Tempe Mayor Hugh Hallman Competes in Micro-Triathlon With Media (and Dammit, He Beat Me)

By Ray Stern

Jumping into the Tempe Town lake at 7 a.m. this morning wasn't the worst part of Tempe Mayor Hugh Hallman's media challenge race.

The worst part was getting passed by the mayor on the third leg of the event, a .26-mile run.

(That's the mayor at left in an Arizona Republic photo from last year's event. He covered up all that manly chest hair this year with a racing-style tank top).

Hallman held similar small-scale, charity triathlons with the media in 2006 and 2007 to help preview Tempe's annual Ironman event , which kicks off this Sunday. I'm still not sure why I signed up for this jump-in-the-lake, et al, though it's true I had delusions of grandeur that maybe I'd come in first place and win a $1,000 check for the charity of my choice. Mostly, it just seemed like fun.

It was a helluva sprint. The lakewater was about 62 degrees, slightly warmer than the air. It felt good to my bare feet for about a half a minute as I walked in lake muck down a boat ramp with the other seven or eight competitors. I made good time on the ultra-short swim (everything was 1/100th of an Ironman) but was somewhat dazed by the effort and the cold as I struggled to shove my wet feet into my running shoes. For sure, I found a new admiration for the nutbars who are going to swim 2.4 miles in the lake this weekend. (Most, if not all, will wear wetsuits).

The bike part came next -- 1.1 miles. I saw the mayor and his coach pedaling ahead of me on the bike path and slunk by them before the turnaround point.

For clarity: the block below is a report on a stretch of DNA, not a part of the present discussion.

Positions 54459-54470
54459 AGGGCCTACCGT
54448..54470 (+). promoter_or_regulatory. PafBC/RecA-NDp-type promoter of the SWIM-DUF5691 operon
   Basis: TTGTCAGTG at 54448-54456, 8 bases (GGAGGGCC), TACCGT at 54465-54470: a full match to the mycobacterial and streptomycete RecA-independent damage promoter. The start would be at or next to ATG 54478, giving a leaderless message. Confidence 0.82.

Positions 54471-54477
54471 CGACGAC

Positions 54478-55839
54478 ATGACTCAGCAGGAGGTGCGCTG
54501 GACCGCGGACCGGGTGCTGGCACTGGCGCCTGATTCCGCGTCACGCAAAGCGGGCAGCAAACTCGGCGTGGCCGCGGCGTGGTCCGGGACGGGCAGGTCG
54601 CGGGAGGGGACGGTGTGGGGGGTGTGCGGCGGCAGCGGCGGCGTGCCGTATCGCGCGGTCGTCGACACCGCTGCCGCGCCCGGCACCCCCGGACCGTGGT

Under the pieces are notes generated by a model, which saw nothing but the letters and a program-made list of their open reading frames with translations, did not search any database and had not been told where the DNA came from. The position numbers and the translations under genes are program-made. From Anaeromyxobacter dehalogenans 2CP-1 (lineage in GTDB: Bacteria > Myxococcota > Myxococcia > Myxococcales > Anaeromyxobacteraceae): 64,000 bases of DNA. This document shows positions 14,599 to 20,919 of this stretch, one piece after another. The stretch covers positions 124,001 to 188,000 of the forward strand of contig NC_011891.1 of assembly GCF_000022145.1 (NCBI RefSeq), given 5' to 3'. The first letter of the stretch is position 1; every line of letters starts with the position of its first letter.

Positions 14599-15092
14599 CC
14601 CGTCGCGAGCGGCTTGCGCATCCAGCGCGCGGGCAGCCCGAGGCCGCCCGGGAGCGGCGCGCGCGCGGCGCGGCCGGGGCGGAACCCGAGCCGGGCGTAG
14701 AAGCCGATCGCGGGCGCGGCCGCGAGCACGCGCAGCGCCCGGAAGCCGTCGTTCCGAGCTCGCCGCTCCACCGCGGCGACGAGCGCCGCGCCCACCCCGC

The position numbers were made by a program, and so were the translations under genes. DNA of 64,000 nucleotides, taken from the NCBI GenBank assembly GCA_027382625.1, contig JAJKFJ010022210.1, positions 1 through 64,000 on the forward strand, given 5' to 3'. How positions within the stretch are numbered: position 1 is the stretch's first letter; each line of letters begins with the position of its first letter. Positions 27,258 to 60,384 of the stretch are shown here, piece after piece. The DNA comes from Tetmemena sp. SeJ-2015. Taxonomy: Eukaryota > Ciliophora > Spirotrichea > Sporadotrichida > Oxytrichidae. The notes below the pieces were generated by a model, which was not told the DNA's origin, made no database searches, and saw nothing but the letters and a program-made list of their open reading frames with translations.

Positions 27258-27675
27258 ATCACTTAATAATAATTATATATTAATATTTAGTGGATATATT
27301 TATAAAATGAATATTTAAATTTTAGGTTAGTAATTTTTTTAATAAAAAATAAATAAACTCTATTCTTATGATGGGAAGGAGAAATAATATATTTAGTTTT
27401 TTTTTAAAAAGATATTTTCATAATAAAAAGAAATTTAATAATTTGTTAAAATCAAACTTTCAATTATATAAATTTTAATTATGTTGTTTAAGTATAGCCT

The decent lead on Hallman faded soon after I dropped my bike and started running. My legs felt like over-microwaved asparagus shoots. I heard footsteps crunching on the dirt path behind me. Then the mayor was at my side, and pulling ahead. Nothing I could do about it. But I did meet my three goals: Have a good time, don't be last, and don't get injured.

Tim Hacker, a photographer with the East Valley Tribune, took first place and said he would donate his $1,000 to the Arizona Heart Institute. I was feeling good about not being last until I saw that the guy who was last, Dino Stathakis of the College Times, got a check for his charity, too. As usual, it doesn't pay to be just average.

Well, there's always next year. Or not.

KEEP PHOENIX NEW TIMES FREE... Since we started Phoenix New Times, it has been defined as the free, independent voice of Phoenix, and we'd like to keep it that way. With local media under siege, it's more important than ever for us to rally support behind funding our local journalism. You can help by participating in our "I Support" program, allowing us to keep offering readers access to our incisive coverage of local news, food and culture with no paywalls.
Ray Stern has worked as a newspaper reporter in Arizona for more than two decades. He's won numerous awards for his reporting, including the Arizona Press Club's Don Bolles Award for Investigative Journalism.
Contact: Ray Stern